Dark big-box retail space lightens up in Oklahoma City area

The market for available leasable big-box retail space in the Oklahoma City area inched down 2 percent in the second half of 2011, with five store spaces absorbed and three vacated, according to brokers with CB Richard Ellis-Oklahoma.
BY RICHARD MIZE richardmize@opubco.com Published: February 11, 2012

The big boxes gave, and the big boxes took away.

They took away a little more space than they gave back to the market for retail space here in the last half of last year, according to brokers for CB Richard Ellis-Oklahoma.

Five new leases for big stores were signed, and a library system bought one former store, absorbing a combined 141,800 square feet; but three stores closed, kicking a combined 121,058 square feet of space back onto the Oklahoma City area market, said brokers Mark Inman and Stuart Graham.

The upshot, in terms of available leasable retail space, is that the market tightened by 2 percent, or the equivalent of about one big store: 20,742 square feet, they said.

Graham and Inman have prepared six-month updates on big-box retail space since mid-2010, when the effect of the national recession was being felt with numerous closed national store chains.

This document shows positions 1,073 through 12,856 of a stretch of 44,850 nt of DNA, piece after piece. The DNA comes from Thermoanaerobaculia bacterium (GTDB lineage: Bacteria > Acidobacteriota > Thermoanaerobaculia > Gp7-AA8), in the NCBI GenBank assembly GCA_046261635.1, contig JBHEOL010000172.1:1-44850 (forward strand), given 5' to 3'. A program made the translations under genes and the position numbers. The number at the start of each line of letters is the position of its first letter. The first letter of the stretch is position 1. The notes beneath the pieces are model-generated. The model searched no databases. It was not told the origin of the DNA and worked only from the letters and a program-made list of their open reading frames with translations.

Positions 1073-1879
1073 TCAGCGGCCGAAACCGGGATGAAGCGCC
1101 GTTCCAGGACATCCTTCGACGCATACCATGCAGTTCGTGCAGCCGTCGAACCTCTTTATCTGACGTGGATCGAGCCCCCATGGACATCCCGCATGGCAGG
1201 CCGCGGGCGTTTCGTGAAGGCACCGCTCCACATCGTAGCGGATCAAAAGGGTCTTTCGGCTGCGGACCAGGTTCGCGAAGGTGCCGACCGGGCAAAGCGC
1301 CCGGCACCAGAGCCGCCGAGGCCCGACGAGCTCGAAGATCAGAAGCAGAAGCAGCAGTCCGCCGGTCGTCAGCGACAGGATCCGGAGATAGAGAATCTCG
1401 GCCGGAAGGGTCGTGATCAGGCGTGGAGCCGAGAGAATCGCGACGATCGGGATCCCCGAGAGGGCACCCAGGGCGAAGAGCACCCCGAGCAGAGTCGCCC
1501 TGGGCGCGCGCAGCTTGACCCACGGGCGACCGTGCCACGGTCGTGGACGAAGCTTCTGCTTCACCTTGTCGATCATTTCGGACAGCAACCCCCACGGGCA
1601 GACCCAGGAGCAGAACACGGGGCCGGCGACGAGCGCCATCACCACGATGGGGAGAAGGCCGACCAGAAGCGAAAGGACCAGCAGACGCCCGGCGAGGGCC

Inman and Graham found 1,036,175 square feet vacant in 26 stores in their survey of spaces 18,000 square feet or larger. That was one fewer closed store but a decrease of 17 percent in total dark space since their first report, which counted 1,248,800 square feet.

“Interestingly, the deals done over the past six months are not isolated to a particular segment of the retail spectrum. The deals represent a range of rents and landlord contributions,” Graham and Inman reported. “Thrift stores made aggressive deals on long-held vacancies in Edmond and Yukon. On the higher end, Marshall's leased 25,000 square feet at one of the market's hottest retail corners, Memorial Road and Pennsylvania Avenue.”

Inman called the mix of deals “encouraging.”

“While headlines might be captured by the entry of national retailers like Sunflower and Marshall's, the absorption of space that might be considered more difficult is just as crucial for the overall health of the marketplace,” he said. “Deals for Class B space produce liquidity for landlords to improve their properties or seek additional investment in the market.”